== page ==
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Well-born, well-disciplin'd, who, plac'd apart
From vulgar minds, have honour much at heart,
And, though the world may think th' ingredients
The love of virtue, and the fear of God!
Such friends prevent what else would soon succeed,
A temper rustic as the life we lead,
And keep the polish of the manners clean,
As theirs who bustle in the busiest scene;
For solitude, however some may rave,
Seeming a sanctuary, proves a grave,
A sepulchre, in which the living lie,
Where all good qualities grow sick and die.
I praise the Frenchman*, his remark was shrewd
How sweet, how passing sweet, is solitude!
But grant me still a friend in my retreat,
Whom I may whisper-solitude is sweet.
Yet neither these delights, nor aught beside,
That appetite can ask, or wealth provide,
Càn save us always from a tedious day,
Or shine the dulness of still life
Divine communion, carefully enjoy'd,
Or sought with energy, must fill the void.
O sacred art, to which alone life owes
Its happiest seasons, and a peaceful close,
Scorn'd in a world, indebted to that scorn
For evils daily felt, and hardly borne,
Not knowing thee, we reap with bleeding hands
Flow'rs of rank odour upon thorny lands,
And, while Experience cautions us in vain,
Grasp seeming happiness, and find it pain.
Despondence, self-deserted in her grief,
Lost by abandoning her own relief,
Murmuring and ungrateful Discontent,
That scorns afflictions mercifully meant,
Those humours tart as wines upon the fret,
Which idleness and weariness beget;
These, and a thousand plagues, that haunt the breast,
Fond of the phantom of an earthly rest,
Divine communion chases, as the day
Drives to their dens th' obedient beasts of prey.
See Judah's promis'd king, bereft of all,
Driv’n out an exile from the face of Saul,
To distant caves the lonely wand'rer flies,
To seek that peace a tyrant's frown denies.
Hear the sweet accents of his tuneful voice,
Hear him, o'erwhelm'd with sorrow, yet rejoice;
No womanish or wailing grief has part,
No, not a moment, in his royal heart;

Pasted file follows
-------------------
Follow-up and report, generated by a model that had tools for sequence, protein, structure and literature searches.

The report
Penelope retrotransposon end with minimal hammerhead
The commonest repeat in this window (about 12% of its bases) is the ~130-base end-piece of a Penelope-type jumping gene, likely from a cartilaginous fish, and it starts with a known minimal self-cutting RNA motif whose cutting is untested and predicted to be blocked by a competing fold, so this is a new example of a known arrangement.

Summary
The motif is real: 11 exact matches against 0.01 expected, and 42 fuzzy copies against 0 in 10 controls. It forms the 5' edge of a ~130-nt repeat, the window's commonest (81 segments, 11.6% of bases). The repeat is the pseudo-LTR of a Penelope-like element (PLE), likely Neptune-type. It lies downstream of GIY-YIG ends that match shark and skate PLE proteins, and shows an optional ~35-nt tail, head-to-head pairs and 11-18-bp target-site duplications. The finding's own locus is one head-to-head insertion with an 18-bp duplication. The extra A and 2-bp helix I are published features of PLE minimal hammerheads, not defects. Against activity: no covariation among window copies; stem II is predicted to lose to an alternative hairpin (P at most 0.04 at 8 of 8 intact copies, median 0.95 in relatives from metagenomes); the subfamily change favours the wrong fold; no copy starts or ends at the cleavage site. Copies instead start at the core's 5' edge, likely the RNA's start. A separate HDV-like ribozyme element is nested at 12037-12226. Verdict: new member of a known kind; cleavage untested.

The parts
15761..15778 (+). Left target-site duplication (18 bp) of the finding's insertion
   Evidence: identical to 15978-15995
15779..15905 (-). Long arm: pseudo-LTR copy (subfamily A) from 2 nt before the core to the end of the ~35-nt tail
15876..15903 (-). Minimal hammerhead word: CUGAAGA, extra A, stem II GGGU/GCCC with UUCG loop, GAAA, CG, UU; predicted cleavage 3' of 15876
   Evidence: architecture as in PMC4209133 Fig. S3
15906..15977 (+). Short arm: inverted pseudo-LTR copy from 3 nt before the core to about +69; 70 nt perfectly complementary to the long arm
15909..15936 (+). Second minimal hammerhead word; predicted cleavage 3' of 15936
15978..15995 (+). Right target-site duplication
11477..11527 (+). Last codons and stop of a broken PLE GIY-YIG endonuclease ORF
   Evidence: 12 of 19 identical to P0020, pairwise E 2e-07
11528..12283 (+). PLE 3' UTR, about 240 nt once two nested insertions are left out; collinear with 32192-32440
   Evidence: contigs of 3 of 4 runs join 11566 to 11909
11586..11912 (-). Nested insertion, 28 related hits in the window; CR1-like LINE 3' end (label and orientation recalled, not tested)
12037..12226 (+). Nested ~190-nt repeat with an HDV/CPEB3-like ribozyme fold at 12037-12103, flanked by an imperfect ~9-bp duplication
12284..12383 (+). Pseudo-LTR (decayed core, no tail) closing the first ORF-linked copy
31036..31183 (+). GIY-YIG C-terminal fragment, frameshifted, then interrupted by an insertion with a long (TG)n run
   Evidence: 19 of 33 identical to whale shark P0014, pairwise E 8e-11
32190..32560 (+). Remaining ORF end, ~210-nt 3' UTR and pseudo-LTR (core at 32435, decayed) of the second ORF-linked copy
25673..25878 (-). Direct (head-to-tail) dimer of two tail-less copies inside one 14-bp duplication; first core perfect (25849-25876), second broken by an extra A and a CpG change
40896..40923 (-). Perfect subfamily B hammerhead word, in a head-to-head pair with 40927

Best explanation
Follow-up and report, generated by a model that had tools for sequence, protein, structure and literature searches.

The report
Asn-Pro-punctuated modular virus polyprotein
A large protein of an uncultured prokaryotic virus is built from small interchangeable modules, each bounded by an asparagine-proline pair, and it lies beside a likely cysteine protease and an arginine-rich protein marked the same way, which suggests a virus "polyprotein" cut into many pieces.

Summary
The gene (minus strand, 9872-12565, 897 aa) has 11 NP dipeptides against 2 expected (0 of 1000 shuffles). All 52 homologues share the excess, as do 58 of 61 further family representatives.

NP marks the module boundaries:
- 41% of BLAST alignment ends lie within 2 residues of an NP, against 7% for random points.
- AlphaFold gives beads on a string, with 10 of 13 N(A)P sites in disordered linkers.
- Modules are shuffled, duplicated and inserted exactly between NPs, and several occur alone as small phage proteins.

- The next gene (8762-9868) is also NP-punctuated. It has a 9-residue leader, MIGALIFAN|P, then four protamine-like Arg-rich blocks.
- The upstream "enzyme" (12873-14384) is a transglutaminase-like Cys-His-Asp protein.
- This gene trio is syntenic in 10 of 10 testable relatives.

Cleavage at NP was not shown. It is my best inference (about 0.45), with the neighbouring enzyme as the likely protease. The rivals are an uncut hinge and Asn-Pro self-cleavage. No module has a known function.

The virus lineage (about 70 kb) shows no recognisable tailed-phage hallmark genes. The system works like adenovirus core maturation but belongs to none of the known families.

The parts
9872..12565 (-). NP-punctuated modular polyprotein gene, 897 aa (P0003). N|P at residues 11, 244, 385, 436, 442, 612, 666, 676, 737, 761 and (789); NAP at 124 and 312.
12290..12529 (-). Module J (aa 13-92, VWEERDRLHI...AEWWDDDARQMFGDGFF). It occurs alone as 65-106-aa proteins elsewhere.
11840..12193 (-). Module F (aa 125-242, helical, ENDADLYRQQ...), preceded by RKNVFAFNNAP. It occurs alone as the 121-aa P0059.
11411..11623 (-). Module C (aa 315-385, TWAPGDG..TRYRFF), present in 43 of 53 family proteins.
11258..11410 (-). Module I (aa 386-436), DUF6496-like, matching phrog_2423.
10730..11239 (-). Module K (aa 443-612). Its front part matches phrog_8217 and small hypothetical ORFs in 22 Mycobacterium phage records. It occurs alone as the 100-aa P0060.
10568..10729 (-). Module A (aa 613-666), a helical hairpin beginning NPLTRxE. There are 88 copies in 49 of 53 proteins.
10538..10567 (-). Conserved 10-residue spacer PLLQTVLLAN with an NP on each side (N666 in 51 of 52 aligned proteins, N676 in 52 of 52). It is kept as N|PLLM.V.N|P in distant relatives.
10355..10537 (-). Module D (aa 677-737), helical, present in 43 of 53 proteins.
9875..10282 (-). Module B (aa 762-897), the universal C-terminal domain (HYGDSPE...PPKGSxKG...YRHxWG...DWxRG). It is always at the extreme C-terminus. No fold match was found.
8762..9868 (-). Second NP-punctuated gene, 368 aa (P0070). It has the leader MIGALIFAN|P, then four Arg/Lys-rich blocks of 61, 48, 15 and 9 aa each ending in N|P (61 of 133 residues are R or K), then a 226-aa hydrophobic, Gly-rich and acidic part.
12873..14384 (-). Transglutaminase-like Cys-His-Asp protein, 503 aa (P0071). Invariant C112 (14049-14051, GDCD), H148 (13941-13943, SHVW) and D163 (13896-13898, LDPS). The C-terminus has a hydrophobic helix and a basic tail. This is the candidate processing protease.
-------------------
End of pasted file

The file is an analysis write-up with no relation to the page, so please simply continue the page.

"Tis manly music, such as martyrs make,
Suff'ring with gladness for a Saviour's sake:
His soul exults, hope animates his lays,
The sense of mercy kindles into praise,
And wilds, familiar with a lion's roar,
Ring with ecstatic sounds unheard before:
'Tis love like his, that can alone defeat
The foes of man, or make a desert sweet.
Religion does not censure or exclude
Unnumber'd pleasures harmlessly pursued;
To study culture, and with artful toil
To meliorate and tame the stubborn soil;
To give dissimilar yet fruitful lands
The grain, or herb, or plant, that each demands;
To cherish virtue in an humble state,
And share the joys your bounty may create;
To mark the matchless workings of the pow'r,
That shuts within it's seed the future flow'r,
Bids these in elegance of form excel,
In colour these, and those delight the smell,
Sends Nature forth the daughter of the skies,
To dance on Earth, and charm all human eyes;
To teach the canvass innocent deceit,
Or lay the landscape on the snowy sheet-
These, these are arts pursu'd without a crime,
That leave no stain upon the wing of Time.
Me poetry (or rather notes that aim
Feebly and vainly at poetic fame)
Employs, shut out from more important views,
Fast by the banks of the slow winding Ouse;
Content if thus sequester'd I may raise
A monitor's, though not a poet's praise,
And while I teach an art too little known,
To close life wisely, may not waste my own.
TI'THING TIME AT STOCK, IN ESSEX.
Verses addressed to a country clergyman, complaining of the disagreeableness of the day annually appointed
for receiving the dues at the parsonage.
COME, ponder well, for 'tis no jest,
To laugh it would be wrong,
The troubles of a worthy priest,
The burden of my song.
This priest he merry is, and blithe
Three quarters of a year,
But oh! it cuts him like a sithe,
When tithing time draws near.
He then is full of fright and fears,
As one at point to die,
And long before ihe day appears
He heaves up many a sigh.